A bilingual quarterly, Pratilipi is one of the best online magazines featuring contemporary Indian authors. They cram a lot into each issue (see this issue’s table of contents and staggering list of contributors), with a wide range of pieces, from Ashwani Kumar’s piece on Experiencing India’s So Called 26/11 (this issue’s focus is “violence”) to a fragment of Krishna Baldev Vaid’s A Broken Mirror (sorry—pun is all theirs) to and interview with Minakshi Thakur from HarperCollins India about HC’s new line of books published in Hindi.
This interview is pretty interesting, especially in terms of what Minakshi has to say about the Hindi market:
The one big gap we identified was that most books in traditional Hindi publishing is not produced keeping the reader in mind. Also there is hardly any culture of editing there. The books are poorly produced. They look uninspiring. The big challenge for us was to unlearn certain things we swear by in English publishing and learn things about the Hindi reader afresh.
We had to understand things like – given a choice your reader would borrow books and read than buy them. The buying capacity needed to be understood. Competing with the Hindi market price points would pose a huge problem as we were aiming at the same quality as Harper’s English titles. [. . .]
About the big Hindi publishers like Rajkamal, Vani and Gyanpeeth I would say there is a lot to learn from them and much more not to borrow or learn from them. On the one hand we should be thankful that whatever we have read so far in Hindi – all the great authors and their lovely books – is because they have been there. On the other what we cannot tow their line on is state govt. subsidies and library orders. We cannot go that way or do books solely for that. We will produce books for the discerning audience; we shall produce books to create an interface between the writer and his/her readers. Again it is going to be very difficult and daunting and a slow process. We cannot claim that Harper Hindi will become huge or pose a threat to any of the big old Hindi concerns in two years’ time. It won’t. Also we don’t have the time to play rivals. There are better things one can invest their time in. The attitude has to be right and a lot of experiment in the market would be required to find a breakthrough. The Hindi market needs a definite facelift. We must break away in certain ways and give the reader something in a way that hasn’t been tried before and most importantly at the price they can afford.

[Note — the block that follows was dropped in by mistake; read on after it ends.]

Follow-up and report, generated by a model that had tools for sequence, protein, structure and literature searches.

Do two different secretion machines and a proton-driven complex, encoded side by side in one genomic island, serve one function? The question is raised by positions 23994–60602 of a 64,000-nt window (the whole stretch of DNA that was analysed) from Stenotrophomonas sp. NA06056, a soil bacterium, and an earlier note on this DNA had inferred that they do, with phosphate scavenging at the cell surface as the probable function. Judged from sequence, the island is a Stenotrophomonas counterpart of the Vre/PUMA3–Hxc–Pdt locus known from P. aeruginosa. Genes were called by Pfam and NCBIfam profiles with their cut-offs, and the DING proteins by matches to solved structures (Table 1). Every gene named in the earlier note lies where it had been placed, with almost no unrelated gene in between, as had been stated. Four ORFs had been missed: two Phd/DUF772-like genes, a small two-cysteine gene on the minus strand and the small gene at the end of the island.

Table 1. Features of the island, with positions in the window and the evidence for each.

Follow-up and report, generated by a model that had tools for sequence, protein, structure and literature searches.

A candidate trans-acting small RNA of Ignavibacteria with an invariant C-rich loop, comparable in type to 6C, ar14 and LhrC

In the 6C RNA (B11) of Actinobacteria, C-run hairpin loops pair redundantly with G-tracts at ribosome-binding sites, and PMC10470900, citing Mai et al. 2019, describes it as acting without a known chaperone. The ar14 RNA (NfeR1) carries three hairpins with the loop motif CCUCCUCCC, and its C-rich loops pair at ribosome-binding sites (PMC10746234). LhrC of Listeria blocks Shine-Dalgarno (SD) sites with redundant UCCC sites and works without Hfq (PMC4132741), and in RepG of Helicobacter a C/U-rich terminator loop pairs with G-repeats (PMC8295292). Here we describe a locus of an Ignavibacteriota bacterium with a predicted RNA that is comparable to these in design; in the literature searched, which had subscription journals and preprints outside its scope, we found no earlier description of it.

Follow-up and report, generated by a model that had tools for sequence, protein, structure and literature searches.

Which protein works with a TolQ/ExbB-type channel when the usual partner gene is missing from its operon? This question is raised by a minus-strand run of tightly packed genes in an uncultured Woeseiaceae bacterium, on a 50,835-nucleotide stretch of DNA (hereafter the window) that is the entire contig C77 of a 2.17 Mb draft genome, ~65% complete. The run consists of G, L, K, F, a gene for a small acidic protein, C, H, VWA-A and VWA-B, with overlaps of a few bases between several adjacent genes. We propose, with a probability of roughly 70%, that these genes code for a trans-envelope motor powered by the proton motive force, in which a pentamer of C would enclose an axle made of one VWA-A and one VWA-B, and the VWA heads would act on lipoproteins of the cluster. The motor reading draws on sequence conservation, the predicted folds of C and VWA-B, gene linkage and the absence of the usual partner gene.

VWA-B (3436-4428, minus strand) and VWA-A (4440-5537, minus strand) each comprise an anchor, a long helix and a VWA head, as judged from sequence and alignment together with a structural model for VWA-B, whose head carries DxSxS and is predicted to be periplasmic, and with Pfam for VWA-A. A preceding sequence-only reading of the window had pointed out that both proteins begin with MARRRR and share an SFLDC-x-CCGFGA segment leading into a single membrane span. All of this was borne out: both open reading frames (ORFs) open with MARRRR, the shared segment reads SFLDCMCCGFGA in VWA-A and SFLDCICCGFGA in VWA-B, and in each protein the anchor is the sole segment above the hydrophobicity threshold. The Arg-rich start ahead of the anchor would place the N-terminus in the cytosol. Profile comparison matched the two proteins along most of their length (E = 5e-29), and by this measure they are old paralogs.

It’ll be interesting to see how this all plays out. In the article I wrote for the Frankfurt Book Fair about Indian Publishing I focused a lot on what impact the big multinationals will have on Indian publishing.
It’s great that HC is publishing Hindi translations of authors like Doris Lessing, but I have to admit, that for all the good corporate publishers might bring about in terms of distribution channels and general professionalization of the industry, I’m a bit wary of corporate execs talking about giving any market a “facelift,” especially in the same paragraph in which they say that they have to change the market because they can’t do books solely for “government subsides and library orders.” (Although I have to admit, the translation of that sentence is a bit wonky and confusing.)
So, like I said above, it will be interesting to see what happens to the Indian book market over the next few years . . .